Viability vs. Process
September 1, 2008
by Laurie Gorton
Nutrients are not all alike when it comes to their ability to stand up to the rigors of food manufacturing processes. Some exhibit good stability, but others require more protection to enable them to deliver their benefits to the end user — the consumer. Millers, bakers and breakfast cereal makers effectively solved the problem of nutrient viability for the vitamins and minerals involved in the mandatory enrichment of their products.
The scope of fortification, however, has enlarged greatly in recent years. Consumers interested in pursuing healthy lifestyles want foods that support their choices. Improved nutritional value through fortification not only means added vitamins and minerals but also inclusion of nutraceuticals — food ingredients new to many applications. And it’s not just bread and breakfast cereal that get fortification but also snack foods, nutrition bars and a myriad of other food categories.
Some observers differentiate between fortified and functional foods, defining “fortified foods” as those primarily intended to help prevent nutritional deficiencies and giving the name “functional foods” to those that go beyond nutrition to prevent and treat disease and improve overall health status. Both categories, however, get their effects from ingredients added to formulations.
ADVANTAGE TO FOOD. As consumers widen the focus of their attention on nutrients, they also make decisions about the formats which deliver these nutrients. Dietary supplements offer many of these materials, but labels can be confusing, especially disclaimer required by the Dietary Supplement Health and Education Act of 1994.
Also, variability of active content can be a concern. The good news is that nutrients delivered through foods are being found to be more bioavailable than those supplied by supplements.
A recent study, for example, verified such vitality for vitamin E in the form of alpha-tocopherol consumed in ready-to-eat (RTE) breakfast cereal fortified at 30-IU and 400-IU per serving vs. 400-IU capsules. Researchers from the Linus Pauling Institute, Oregon State University and Bell Institute of Health and Nutrition found that at the lower level in the cereal, vitamin E was six times more bioavailable than in the supplement; at the higher level, it was 26 times more available.
VITAMIN SURVIVAL. Vitamins vary in stability, with vitamins A, C and folate particularly sensitive to loss during processing and storage.
Fat-soluble vitamins as well as carotenoids and tocotrienes are subject to autocatalytic (auto-oxidation) processes similar to those that affect unsaturated fatty acids. Light, atmospheric oxygen, metallic ions (especially iron and copper) and free fatty acid radicals are all risks. With the exception of vitamin K, thermal processing diminishes fat-soluble vitamins, and the water activity (a ) of the system also has an increasingly deleterious effect as it increases.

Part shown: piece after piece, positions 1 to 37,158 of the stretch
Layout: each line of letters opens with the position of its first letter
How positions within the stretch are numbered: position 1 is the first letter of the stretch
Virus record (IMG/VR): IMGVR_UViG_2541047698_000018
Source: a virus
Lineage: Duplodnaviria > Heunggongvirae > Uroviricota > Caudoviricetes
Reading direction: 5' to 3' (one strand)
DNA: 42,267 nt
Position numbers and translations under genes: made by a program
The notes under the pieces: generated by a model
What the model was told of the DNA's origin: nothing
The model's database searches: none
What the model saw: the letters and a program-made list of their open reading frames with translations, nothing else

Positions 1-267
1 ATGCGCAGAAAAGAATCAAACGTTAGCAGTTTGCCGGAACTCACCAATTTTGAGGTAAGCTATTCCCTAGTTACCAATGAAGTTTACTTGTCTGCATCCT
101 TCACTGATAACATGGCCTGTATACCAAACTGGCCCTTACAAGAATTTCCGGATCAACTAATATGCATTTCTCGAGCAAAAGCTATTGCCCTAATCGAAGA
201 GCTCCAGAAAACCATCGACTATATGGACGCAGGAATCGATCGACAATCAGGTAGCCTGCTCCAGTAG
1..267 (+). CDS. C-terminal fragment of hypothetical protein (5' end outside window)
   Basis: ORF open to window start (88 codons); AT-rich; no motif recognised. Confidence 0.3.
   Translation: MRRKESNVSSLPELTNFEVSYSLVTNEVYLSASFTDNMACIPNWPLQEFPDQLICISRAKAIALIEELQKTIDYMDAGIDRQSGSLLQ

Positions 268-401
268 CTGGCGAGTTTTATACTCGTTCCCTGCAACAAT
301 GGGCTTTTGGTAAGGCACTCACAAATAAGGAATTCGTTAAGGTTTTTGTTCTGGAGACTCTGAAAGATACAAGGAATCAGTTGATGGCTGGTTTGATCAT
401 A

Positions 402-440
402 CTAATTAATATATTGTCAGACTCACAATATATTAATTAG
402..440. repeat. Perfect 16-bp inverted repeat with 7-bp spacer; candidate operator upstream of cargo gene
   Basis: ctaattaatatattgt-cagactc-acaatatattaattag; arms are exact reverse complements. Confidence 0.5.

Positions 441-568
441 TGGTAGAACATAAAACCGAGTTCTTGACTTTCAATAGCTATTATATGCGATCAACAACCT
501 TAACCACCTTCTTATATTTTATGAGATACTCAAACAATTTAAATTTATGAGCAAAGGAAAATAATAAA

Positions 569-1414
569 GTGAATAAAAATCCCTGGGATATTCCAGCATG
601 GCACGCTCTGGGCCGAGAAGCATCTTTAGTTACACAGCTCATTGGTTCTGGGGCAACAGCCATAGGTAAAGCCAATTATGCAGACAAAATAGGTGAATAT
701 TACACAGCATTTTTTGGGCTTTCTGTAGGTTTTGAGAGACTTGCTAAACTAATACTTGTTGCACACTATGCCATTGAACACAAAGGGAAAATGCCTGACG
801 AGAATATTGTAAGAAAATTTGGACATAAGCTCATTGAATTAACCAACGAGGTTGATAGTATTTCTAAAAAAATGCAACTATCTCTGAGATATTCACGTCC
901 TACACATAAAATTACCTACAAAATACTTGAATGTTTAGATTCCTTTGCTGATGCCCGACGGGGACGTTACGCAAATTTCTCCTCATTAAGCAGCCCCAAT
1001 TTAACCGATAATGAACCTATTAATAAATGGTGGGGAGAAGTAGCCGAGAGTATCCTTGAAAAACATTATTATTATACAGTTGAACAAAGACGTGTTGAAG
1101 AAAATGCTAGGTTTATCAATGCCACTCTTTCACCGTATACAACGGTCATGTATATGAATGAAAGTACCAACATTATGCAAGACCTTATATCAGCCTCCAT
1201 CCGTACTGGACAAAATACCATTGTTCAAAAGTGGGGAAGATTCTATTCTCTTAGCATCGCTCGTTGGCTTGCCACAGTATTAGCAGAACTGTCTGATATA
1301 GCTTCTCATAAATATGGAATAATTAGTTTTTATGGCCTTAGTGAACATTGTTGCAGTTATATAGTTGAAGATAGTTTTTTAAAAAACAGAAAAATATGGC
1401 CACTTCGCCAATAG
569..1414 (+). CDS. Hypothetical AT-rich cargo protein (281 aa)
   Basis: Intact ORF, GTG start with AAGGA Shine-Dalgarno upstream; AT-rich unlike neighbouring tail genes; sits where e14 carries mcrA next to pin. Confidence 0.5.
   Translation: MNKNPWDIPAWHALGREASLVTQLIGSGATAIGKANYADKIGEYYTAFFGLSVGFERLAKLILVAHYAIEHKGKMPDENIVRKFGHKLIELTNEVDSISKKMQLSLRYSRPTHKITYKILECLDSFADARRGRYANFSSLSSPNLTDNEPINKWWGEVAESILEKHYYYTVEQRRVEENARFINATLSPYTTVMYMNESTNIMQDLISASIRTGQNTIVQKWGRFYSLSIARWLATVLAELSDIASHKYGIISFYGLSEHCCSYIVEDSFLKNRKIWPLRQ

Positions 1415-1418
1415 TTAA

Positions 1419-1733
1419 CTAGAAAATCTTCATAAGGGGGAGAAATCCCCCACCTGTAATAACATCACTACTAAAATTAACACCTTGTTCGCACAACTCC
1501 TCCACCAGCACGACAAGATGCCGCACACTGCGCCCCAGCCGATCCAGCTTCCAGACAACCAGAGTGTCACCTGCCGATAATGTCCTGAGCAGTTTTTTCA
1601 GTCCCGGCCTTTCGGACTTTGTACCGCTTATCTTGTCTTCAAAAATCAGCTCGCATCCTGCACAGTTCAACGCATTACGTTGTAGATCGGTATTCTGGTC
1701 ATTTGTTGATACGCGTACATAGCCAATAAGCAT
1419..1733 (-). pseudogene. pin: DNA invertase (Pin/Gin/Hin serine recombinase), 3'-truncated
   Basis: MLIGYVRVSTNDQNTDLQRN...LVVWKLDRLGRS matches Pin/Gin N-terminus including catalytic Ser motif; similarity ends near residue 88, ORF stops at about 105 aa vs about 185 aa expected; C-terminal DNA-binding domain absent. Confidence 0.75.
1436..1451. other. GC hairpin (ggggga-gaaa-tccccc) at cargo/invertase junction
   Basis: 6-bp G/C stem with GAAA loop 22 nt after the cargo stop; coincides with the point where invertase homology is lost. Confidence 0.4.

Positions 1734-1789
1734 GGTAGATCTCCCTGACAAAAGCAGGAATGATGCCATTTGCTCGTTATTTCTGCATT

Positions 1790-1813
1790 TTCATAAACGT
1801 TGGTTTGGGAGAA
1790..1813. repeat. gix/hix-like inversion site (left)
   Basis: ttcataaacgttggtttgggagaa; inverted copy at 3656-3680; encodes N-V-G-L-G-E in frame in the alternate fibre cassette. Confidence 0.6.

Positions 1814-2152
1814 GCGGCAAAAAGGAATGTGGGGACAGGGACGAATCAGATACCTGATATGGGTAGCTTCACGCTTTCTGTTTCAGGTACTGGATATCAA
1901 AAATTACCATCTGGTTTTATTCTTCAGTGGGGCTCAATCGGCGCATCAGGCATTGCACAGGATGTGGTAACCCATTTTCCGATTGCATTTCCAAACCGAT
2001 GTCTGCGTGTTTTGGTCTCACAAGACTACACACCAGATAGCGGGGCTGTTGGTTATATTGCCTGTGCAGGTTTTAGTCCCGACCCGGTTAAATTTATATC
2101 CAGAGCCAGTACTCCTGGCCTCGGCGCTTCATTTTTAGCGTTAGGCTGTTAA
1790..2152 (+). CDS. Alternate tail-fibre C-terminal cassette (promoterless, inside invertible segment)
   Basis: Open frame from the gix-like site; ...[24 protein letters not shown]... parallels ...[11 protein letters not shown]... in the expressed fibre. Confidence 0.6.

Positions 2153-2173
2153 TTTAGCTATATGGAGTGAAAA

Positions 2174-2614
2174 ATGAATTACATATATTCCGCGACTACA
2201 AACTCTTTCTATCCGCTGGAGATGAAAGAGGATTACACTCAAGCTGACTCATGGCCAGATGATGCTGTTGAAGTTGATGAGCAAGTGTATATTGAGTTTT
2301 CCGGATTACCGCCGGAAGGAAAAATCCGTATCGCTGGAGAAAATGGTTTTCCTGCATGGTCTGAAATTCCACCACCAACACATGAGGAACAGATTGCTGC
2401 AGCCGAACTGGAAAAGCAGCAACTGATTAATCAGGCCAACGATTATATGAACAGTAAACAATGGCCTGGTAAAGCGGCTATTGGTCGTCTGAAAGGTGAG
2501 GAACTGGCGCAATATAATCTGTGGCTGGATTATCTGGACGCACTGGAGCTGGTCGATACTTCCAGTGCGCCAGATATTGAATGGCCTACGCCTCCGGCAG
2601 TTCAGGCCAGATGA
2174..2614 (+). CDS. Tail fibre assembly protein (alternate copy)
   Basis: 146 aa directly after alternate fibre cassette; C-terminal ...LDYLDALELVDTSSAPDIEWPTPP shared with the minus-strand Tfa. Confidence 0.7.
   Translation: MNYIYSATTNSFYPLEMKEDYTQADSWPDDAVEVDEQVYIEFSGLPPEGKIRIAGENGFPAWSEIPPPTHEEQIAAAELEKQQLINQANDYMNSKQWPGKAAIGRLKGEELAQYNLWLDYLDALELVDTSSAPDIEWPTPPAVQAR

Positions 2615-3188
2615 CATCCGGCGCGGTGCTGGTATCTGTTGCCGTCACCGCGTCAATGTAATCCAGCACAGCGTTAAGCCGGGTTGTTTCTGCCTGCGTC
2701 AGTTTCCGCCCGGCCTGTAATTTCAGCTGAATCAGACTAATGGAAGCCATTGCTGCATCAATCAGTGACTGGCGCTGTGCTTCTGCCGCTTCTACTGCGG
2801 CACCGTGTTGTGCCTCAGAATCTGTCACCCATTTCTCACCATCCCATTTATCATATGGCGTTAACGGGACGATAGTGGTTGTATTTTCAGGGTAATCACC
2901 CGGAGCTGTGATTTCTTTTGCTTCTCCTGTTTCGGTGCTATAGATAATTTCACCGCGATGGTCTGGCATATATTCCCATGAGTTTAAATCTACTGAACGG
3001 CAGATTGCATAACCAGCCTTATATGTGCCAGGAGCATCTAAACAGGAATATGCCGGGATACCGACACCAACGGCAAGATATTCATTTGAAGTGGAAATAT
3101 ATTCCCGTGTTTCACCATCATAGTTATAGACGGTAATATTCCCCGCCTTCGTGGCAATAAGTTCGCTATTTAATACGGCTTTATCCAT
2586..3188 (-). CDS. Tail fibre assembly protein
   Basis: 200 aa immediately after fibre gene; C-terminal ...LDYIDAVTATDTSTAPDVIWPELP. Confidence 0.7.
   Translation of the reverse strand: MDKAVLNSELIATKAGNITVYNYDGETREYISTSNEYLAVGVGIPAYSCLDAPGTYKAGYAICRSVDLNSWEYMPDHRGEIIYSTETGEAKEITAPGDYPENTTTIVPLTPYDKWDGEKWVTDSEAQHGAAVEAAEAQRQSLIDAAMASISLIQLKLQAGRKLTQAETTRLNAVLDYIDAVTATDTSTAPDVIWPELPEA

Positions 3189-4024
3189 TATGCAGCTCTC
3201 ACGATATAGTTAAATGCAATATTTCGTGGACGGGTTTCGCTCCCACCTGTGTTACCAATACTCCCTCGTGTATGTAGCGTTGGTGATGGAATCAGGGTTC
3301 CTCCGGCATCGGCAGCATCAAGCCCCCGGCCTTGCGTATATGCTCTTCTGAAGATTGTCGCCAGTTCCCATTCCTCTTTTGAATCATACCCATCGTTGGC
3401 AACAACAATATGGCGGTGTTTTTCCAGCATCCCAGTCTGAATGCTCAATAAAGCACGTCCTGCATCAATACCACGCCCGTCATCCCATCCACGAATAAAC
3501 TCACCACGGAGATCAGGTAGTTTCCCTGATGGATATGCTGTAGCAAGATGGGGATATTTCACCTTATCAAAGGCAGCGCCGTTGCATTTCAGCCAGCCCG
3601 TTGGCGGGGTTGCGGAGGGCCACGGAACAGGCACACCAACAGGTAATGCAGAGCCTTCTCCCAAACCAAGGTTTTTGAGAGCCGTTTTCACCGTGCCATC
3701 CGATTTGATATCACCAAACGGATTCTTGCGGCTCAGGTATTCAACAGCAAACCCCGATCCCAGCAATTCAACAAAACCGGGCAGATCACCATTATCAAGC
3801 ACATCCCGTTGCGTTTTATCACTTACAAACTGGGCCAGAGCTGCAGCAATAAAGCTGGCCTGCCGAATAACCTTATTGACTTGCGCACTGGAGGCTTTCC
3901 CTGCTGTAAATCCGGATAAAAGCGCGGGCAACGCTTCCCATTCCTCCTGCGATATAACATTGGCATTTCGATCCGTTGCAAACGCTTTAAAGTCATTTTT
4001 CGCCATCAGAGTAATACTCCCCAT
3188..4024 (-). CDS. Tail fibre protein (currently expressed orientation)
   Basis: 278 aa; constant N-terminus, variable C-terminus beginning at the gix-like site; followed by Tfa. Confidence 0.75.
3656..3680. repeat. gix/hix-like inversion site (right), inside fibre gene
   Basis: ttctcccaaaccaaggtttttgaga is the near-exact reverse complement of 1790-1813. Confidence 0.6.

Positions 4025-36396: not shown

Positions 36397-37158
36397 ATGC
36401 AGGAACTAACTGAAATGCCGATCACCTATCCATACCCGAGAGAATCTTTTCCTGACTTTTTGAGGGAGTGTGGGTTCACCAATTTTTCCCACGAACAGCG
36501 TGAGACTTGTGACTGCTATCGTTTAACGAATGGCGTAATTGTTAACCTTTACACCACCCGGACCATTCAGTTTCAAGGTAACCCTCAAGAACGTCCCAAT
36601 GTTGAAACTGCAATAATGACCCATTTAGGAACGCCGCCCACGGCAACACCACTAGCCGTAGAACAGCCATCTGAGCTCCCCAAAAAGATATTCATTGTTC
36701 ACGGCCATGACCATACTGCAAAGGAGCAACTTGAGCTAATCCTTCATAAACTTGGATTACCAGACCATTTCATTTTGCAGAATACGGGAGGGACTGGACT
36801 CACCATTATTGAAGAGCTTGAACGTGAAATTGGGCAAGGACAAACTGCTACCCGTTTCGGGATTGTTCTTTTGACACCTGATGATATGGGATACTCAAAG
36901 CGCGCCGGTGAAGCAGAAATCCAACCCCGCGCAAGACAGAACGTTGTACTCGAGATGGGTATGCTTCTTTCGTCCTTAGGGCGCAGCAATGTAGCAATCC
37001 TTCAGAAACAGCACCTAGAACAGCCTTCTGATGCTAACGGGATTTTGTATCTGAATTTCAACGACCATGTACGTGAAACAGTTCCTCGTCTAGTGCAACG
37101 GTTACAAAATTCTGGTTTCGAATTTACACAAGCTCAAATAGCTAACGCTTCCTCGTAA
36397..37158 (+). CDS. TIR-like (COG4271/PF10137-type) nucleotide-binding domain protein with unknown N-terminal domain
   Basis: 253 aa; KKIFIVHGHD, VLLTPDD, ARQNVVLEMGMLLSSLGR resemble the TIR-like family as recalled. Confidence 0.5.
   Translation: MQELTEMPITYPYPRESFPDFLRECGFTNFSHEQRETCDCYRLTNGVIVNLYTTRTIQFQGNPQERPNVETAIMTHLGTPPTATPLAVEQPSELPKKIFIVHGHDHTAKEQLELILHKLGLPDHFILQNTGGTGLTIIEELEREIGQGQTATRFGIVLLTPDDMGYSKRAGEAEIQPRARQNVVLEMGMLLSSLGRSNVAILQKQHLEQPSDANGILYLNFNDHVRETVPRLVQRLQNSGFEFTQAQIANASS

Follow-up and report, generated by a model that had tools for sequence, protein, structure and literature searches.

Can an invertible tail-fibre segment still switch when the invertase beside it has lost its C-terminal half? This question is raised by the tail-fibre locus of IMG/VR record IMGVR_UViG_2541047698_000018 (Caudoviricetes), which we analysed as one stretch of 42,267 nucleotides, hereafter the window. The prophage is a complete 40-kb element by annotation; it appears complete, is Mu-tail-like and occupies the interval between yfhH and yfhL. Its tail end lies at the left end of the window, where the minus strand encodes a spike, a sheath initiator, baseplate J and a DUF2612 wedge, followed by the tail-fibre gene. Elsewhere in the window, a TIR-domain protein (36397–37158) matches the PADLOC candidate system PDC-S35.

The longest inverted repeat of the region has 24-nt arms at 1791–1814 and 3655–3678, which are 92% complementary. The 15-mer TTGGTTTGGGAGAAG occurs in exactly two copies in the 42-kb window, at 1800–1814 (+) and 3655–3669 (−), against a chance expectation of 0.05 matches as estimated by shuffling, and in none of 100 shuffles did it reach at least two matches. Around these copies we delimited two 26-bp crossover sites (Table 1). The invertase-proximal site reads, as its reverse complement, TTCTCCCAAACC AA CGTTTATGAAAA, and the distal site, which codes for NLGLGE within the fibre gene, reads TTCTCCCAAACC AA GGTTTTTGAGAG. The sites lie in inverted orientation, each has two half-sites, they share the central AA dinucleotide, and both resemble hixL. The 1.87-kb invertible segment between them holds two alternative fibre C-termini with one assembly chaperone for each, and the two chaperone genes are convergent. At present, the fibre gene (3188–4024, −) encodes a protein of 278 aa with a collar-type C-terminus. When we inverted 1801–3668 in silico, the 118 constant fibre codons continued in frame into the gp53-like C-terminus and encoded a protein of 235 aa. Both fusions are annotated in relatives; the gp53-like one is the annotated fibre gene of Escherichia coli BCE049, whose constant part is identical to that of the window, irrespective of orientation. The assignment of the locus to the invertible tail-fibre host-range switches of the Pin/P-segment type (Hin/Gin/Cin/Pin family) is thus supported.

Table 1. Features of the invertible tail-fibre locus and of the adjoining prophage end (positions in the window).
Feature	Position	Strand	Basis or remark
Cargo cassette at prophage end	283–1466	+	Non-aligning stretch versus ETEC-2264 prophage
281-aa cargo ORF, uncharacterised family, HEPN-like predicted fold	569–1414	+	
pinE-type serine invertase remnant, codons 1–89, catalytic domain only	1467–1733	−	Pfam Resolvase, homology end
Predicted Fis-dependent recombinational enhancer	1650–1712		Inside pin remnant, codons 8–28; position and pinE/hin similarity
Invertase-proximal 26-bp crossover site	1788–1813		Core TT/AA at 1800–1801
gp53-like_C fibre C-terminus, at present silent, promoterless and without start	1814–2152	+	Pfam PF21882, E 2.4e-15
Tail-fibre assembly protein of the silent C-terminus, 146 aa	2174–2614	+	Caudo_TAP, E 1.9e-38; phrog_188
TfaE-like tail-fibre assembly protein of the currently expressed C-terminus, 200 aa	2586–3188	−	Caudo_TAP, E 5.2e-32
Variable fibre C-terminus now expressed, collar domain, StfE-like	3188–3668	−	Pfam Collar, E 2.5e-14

Coating of fat-soluble vitamins will limit their exposure to degradation forces, and food additive antioxidants such as BHA, BHT or alpha-tocopherol (vitamin E) can be included in the coating to provide additional protection.
Some water-soluble vitamins are susceptible to oxidation, notably thiamin and cyanocobalamin (vitamin B12). In general, the more exposure of such vitamins to excess water, the greater the potential leaching effect. Vitamins stable in the acidic pH range include ascorbic acid, niacin, free folacin and thiamin. Those lost more readily under alkaline conditions include thiamin, biotin, free folic acid, pantothenic acid and ascorbic acid. Biotin and pantothenic acid are most stable at pH 7.0.
L-ascorbic acid (vitamin C), another important watersoluble vitamin, oxidizes easily, which is the basis for its use as a flour maturing agent and dough improver. Other factors affecting vitamin C survival include exposure to heat, increased pH, moisture and copper or ferrous salts. While bakers advantageously use ascorbic acid for its flour improvement function, if they want it to survive into the finished product as a nutrient, then an enrobed or encapsulated form must be selected.
Physical factors that prompt loss of vitality during processing and storage include light in the visible and near-ultraviolet range, with riboflavin and pyridoxine being examples. Temperature is another factor, although niacin, biotin, riboflavin and vitamin K are generally stable to heat. For example, at temperatures common to processing of RTE breakfast cereals, as much as 17% of initial vitamin B12 content is lost, with another 17% disappearing after one year of storage.
Fortification of an extruded or flaked product should be done during the final process, after extrusion, to limit the exposure of the added nutrients to heat and sheer. The sugar coating given many RTE breakfast cereals provides both sweetening and protection. Applying a sugar solution over food previously sprayed with a fortification mixture will improve retention of the nutrients during storage by providing good protection from oxidation attack.
MINERAL METHODS. Minerals, however, are not destroyed by heat, light, oxidizing agents or pH changes, but their bioavailability is subject to change due to processing methods. An interesting effect of calcium is that it tends to mask flavor and thus interfere with the desired flavor delivery of other food components. In general, the more bioactive the mineral form, the more likely it will be to cause a flavor, color or texture problem. Ferric ions will interact with fatty acids, causing rancidity. Thus, if a formulator wants to supplement foods containing omega-3 fatty acids with iron, an encapsulated iron is the best choice.